What We Can Learn From William and Kate and the Woman Who Threw Her Prosthetic Leg


In case you missed the media frenzy on the coma box in your living room, Prince William and Kate were in New York City recently to hang out and see a play. But it's not what they did in NYC that was interesting. It's how they got there.

You see, William and Kate flew to New York on a British Airways flight, not a private jet. That's right! They flew into JFK on a regular people plane. Though William and Kate didn't get smashed en route on airplane booze and throw a prosthetic leg at a flight attendant, which is exactly what a woman did on a Tunisian flight in August.

An article documenting the incident appeared in the New York Post but didn't include the woman's name. This left me in a quandary when writing this post. I didn't know whether to call the woman "the woman" or to make up a name. After a moment of introspection, I decided to make up a name and refer to the woman as Ms. Turbulence.

According to the New York Post, Ms. Turbulence had a midair "meltdown" after the flight attendant refused to give her a parachute. The meltdown occurred at the point of inebriation between sloppy drunk and obnoxious drunk, when every vessel of her bloodstream was infused with booze, except for her prosthetic leg, which she removed, then threw at the flight attendant.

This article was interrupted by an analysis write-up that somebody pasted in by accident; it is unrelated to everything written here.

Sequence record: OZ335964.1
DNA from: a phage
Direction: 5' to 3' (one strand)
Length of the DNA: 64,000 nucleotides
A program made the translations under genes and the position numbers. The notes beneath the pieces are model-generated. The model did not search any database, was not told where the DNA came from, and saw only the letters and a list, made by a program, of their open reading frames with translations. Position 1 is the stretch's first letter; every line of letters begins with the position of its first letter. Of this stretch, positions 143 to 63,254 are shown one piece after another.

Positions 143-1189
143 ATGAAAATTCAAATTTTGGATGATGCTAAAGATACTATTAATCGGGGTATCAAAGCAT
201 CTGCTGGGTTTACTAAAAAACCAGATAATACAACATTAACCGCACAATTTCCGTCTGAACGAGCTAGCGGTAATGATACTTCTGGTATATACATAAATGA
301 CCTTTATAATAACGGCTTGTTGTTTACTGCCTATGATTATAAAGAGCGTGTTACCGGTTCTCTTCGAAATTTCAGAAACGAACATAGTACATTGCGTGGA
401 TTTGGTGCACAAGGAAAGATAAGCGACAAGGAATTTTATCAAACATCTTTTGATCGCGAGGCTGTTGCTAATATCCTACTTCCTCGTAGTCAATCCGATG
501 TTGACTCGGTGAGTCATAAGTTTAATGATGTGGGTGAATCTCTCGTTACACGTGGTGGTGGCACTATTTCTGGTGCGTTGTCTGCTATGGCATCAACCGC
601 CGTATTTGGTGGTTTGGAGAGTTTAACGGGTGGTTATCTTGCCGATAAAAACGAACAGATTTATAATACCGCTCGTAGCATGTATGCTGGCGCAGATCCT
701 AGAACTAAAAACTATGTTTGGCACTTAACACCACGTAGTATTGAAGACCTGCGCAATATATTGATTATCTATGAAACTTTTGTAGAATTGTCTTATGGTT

Spoiler alert: the flight arrived three hours late.

Meanwhile, on the other side of the ocean in a jet lag time warp, William and Kate flew round-trip to the States via airborne public transportation rather than private jet or royal transporter. The blue-blooded couple didn't want to waste U.K. tax dollars flying to the colonies on a Falcon 7X, unlike lowbrow U.S. Congressional royalty. The monarchs embraced our commoner way of life and the disadvantages it brings -- drinking tiny bottles of airplane booze while getting their seat kicked by the kid behind.

Though William and Kate would never behave badly in the sky or on the ground, and would never ever guzzle airplane booze. Unlike Ms. Turbulence, who, while flying higher than her fellow passengers at 30,000 feet, had a hissy fit when the flight attendant wouldn't let her disembark the plane in a parachute; she dissed the crew, slapped a kid and lobbed her leg. Yes, she hit a kid before she threw her leg. There's no reason to believe the child had kicked her seat.

After the incident, the pilot made an unscheduled stop at Gatwick Airport where police hauled Ms. Turbulence off the plane and arrested her.

I wonder if they held her leg for evidence, a fitting punishment for a crime in which she didn't have a leg to stand on.

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